This week's prayers:
- EU Referendum
- New CCOW Resources: Beyond Refugee Week
"For the whole law is summed up in a single commandment, 'You shall love your neighbor as yourself.' If, however, you bite and devour one another, take care that you are not consumed by one another." Galatians 5:14-15
During the EU Referendum campaign, it's been striking how many people have said they felt that their voices were not being heard: unemployed people from areas that have been marginalised since the loss of their industries ... experts in economics and finance ... young people ... older people ... those who are seen as national 'leaders' and are used to being listened to ... those who feel that the country's leaders are a remote elite and that no one ever listens to them.
Whether you've been an 'in' or an 'out' sympathiser, this sense that we are a deeply divided nation where people can no longer hear each other has to be a matter of concern. It's nothing new; the referendum has simply exposed known fault lines in our relationships with each other - between those who have benefited from the current economic and political systems and those who haven't, those who have had access to education and those who haven't, those who are younger and those who are older, those who belong to groups which feel part of the mainstream and those who are uncertain that a Britain outside Europe will acknowledge their rights. And as we face the opportunities and challenges of negotiations with our European neighbours and the reshaping of our country's identity within the wider global context, these divisions - as well as the divisions with other nations caused by our decision to leave the EU - need to be addressed. Because, as this week's New Testament reading reminds us, if we don't love our neighbour, we may well wind up being consumed by each other.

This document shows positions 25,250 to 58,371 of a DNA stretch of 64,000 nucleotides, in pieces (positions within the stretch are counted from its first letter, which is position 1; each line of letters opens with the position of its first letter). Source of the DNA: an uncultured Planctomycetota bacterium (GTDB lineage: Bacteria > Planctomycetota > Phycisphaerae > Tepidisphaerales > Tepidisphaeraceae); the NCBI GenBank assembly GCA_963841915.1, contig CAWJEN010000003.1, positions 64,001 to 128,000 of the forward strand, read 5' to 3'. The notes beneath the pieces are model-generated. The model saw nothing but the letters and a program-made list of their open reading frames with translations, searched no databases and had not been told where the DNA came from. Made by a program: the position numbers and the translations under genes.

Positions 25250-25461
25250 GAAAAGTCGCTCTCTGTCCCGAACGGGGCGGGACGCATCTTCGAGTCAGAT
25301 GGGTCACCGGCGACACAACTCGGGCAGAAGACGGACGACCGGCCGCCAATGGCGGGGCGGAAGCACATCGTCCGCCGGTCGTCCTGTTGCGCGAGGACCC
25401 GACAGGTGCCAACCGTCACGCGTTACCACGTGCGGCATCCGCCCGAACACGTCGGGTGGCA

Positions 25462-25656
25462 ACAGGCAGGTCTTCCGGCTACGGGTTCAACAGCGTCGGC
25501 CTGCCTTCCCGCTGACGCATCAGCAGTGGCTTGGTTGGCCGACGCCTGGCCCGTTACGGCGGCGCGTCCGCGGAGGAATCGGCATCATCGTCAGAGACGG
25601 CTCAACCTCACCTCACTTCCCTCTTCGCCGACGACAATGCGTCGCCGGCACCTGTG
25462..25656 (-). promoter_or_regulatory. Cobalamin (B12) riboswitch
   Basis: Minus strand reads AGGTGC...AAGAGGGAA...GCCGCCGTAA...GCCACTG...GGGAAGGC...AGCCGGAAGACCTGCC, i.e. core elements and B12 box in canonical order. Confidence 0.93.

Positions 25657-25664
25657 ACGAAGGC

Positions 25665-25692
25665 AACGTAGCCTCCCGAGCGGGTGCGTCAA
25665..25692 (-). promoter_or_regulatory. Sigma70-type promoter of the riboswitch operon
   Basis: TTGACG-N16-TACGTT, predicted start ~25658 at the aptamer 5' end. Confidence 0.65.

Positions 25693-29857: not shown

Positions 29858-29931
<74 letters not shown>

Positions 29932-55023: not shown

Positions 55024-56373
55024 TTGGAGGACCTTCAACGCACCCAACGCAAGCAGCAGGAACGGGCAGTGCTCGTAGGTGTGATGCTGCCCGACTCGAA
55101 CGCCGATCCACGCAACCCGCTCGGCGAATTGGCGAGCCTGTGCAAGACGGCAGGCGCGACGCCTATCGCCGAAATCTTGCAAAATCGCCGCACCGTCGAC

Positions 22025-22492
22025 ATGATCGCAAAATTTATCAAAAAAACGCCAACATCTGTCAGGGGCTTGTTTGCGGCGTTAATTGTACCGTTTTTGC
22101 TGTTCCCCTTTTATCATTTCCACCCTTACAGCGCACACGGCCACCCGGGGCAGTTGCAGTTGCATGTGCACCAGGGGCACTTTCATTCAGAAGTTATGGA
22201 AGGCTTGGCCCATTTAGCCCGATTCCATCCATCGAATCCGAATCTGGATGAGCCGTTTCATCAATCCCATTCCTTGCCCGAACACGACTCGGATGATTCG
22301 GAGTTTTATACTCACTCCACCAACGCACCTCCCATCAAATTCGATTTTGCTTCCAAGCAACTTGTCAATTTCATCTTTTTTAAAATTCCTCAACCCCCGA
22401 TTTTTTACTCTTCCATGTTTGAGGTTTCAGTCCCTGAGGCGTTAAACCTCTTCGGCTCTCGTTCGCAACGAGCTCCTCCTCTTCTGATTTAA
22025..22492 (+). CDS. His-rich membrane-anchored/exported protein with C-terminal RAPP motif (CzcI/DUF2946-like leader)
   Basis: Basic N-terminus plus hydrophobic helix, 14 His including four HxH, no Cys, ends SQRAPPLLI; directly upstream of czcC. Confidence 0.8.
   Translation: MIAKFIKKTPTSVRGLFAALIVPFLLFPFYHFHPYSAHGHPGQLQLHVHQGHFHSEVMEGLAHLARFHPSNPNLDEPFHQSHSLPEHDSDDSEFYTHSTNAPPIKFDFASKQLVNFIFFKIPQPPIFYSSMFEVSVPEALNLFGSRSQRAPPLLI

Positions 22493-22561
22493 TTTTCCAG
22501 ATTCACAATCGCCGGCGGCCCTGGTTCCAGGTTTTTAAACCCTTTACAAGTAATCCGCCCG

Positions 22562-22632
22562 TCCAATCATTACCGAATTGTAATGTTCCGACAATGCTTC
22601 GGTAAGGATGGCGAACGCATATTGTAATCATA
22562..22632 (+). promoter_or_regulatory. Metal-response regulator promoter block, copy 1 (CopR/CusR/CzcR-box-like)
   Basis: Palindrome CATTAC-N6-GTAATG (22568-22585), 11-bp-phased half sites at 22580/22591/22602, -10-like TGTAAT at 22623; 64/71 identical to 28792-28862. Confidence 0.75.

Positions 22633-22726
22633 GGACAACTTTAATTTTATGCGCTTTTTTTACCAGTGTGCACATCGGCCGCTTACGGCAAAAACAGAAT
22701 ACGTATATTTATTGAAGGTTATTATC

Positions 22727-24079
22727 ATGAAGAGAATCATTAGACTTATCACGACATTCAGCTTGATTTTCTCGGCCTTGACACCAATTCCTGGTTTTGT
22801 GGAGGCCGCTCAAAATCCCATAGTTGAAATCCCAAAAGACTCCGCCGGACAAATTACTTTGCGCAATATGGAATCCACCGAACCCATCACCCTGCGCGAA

In an atmosphere where hurts are real, grievances have been built up over many years, trust is lacking, and some use division as a strategy, working to create space for ourselves and others to listen and to love may not be easy. But as this week's Gospel reading reminds us, the Christian vocation has never been easy and is not based in our strength. It involves following a Lord who forsook the basic certainties that most of us crave - a home, the security of family, a 'safe' place in society - in order to follow his calling of love. And it involves recognising that this same Lord offers those who are prepared to follow Him a new identity that transcends our earthly identities and that frees us, even in times of uncertainty, to work together in love. Moreover, He promises to guide and strengthen us - within and across national boundaries - in living out the Kingdom values He calls us to exhibit, such as justice, righteousness, radical service, and compassion.
As Christians, let's pray for forgiveness for hurts caused by the Referendum campaign. Let's pray for healing of the divisions within our country and with our European neighbours - praying especially that the Churches may be a witness to the ways that God's love extends beyond any boundaries. Let's pray - and, in deep humility, ask our fellow Christians in the EU and beyond to pray - for discernment for all involved in the negotiations that are to come. And, as church leaders note in the statements below, let's pray for the grace to renew our commitment to God's Kingdom, and to contribute to the coming debates in a way that holds fast to what is good and that shows the fruits of the Spirit: love, joy, peace, patience, kindness, generosity, faithfulness, gentleness, and self-control.
New CCOW Resources: Beyond Refugee Week
We hope that you found last week's summary of resources for Refugee Week helpful. This week we're attaching two resources Bethan has prepared to enable reflection and action in the coming weeks and months. The first is a study guide, with three sessions suitable for individual reflection group discussions. The second is a list of resources for reflection and action. Please let us know how you use this material!